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Oppenheimer’s most shocking scene was improvised

Despite Christopher Nolan's reputation for precise control, there actually was some improvisation on the set of Oppenheimer, based on the actors' research.


If Christopher Nolan’s Oppenheimer is about anything – it’s about how the personal intersects with world-changing decisions regarding politics and war. A chief example of this is how the Los Alamos location was chosen for the Manhattan Project – because it was a favorite place from Oppenheimer’s childhood. Another is how Lewis Strauss pursued Oppenheimer’s downfall for years because he was publicly embarrassed by him one time.

Surprisingly, despite the level of precision and control the director usually exerts on Christopher Nolan movies, there was some improvisation on set in Oppenheimer. This is because he and Cillian Murphy were so wrapped up in the titular character, that Nolan had little time to develop the others. The script was even written in first-person, from Oppenheimer’s perspective. Therefore, Nolan encouraged the other actors to do their own research into their characters and bring it to set.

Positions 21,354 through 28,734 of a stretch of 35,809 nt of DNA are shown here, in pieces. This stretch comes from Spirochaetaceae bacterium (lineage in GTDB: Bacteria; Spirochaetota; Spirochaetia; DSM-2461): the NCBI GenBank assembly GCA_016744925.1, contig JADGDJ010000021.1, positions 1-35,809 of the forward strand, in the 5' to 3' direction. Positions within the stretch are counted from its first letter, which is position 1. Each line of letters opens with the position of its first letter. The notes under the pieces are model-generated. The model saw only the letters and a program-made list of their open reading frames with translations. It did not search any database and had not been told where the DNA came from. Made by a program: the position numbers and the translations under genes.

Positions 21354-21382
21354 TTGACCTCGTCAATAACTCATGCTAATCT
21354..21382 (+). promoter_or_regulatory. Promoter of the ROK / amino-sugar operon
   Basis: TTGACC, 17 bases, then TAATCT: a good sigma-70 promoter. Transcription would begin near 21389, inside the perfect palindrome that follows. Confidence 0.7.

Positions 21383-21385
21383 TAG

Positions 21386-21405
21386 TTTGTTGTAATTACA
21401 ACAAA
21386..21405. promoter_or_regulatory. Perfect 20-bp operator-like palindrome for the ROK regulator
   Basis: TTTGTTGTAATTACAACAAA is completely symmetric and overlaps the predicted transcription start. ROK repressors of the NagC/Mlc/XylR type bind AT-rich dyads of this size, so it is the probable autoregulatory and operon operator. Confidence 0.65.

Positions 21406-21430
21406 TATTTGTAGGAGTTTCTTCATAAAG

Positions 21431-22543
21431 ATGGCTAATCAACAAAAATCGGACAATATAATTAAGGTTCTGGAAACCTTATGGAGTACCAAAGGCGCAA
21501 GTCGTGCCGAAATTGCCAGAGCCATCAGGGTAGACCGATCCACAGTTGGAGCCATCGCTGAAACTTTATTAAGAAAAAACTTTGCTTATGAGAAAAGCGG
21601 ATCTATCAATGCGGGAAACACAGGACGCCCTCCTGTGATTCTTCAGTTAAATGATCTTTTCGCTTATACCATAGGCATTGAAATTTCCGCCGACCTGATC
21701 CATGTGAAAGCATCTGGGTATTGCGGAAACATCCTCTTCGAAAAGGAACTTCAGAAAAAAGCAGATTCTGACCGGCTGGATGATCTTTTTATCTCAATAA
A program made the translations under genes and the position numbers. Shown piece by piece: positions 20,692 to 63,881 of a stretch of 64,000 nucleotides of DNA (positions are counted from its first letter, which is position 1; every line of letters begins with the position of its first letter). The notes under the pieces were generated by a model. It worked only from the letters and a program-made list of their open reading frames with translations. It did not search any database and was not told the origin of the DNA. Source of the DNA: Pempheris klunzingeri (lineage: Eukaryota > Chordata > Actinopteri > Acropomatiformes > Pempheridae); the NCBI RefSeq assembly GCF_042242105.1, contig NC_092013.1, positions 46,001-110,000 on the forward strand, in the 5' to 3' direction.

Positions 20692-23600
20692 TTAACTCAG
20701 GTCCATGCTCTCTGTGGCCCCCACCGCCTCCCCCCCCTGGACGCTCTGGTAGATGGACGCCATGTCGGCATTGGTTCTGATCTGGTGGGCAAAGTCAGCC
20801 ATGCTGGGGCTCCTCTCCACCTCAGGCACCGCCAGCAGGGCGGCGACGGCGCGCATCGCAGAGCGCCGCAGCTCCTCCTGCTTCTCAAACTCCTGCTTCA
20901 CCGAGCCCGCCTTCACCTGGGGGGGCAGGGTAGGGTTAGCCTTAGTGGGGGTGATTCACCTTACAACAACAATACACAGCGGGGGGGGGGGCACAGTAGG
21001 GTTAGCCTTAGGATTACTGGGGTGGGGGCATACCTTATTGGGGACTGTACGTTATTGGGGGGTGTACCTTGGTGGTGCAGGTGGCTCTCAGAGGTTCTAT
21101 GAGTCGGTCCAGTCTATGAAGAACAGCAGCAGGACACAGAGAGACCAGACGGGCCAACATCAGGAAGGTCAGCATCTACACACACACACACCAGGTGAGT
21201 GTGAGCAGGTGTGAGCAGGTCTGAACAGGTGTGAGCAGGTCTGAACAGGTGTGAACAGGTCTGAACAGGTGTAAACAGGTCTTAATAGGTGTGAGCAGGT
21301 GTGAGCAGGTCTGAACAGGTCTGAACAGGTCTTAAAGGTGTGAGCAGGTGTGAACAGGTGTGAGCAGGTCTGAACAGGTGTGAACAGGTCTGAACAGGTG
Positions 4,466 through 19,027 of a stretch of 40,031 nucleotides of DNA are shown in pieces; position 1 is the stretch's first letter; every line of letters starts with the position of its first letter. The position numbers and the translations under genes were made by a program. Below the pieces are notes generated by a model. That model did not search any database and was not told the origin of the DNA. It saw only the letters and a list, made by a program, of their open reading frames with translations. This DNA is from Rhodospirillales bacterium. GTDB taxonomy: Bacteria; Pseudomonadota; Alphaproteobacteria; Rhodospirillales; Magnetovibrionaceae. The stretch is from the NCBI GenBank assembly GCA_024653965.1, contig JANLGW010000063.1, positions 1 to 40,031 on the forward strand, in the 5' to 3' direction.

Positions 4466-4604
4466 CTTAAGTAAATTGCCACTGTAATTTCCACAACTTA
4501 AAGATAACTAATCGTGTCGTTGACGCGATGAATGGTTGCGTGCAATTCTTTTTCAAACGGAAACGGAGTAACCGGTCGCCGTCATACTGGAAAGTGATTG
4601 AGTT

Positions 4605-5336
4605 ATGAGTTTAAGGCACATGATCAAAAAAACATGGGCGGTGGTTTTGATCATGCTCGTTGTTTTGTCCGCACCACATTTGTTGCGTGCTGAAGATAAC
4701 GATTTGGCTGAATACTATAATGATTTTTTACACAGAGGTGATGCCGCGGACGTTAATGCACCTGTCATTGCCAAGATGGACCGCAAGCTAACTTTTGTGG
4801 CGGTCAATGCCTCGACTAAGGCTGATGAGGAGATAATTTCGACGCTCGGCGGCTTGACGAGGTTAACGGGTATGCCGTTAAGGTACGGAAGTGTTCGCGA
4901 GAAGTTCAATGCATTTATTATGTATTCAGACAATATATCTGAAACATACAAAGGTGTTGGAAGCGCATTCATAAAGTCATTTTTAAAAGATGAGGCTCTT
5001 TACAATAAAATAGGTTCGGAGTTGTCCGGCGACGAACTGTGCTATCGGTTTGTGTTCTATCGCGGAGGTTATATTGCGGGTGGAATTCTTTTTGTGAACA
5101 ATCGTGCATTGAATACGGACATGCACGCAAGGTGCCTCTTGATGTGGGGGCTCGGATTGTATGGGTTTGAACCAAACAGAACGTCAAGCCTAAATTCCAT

As he told the New York Times on July 20, “[The actors] had tons of homework to do. They did their own research, which isn’t something I’d ever really been able to do in the past. For example, with the scene in the classroom with all the scientists, we were able to improvise the discussion. The script is there, but they could come into it with passion and knowledge based on all of their own learning.”*

Nolan continued; “It was a continual process of surprise….this is a story where people’s behavior, political or personal, is riddled with ambiguities. For example, there’s a moment where James Remar, who played [Henry L. Stimson, Truman’s secretary of war], kept talking to me about how he learned that Stimson and his wife had honeymooned in Kyoto.”

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Remar added the line about honeymooning in Kyoto while they were shooting the scene, and the other actors in the room were unaware he was going to say it. “That was one of the reasons that Stimson took Kyoto off the list to be bombed. [I told Remar to] ‘just add that.’ It’s a fantastically exciting moment where no one in the room knows how to react.”

The “honeymooning in Kyoto” line is one of the most important in the film, because it demonstrates a remote military target becoming personal, and having a human face applied to it.

*Some of Christopher Nolan’s comments were condensed.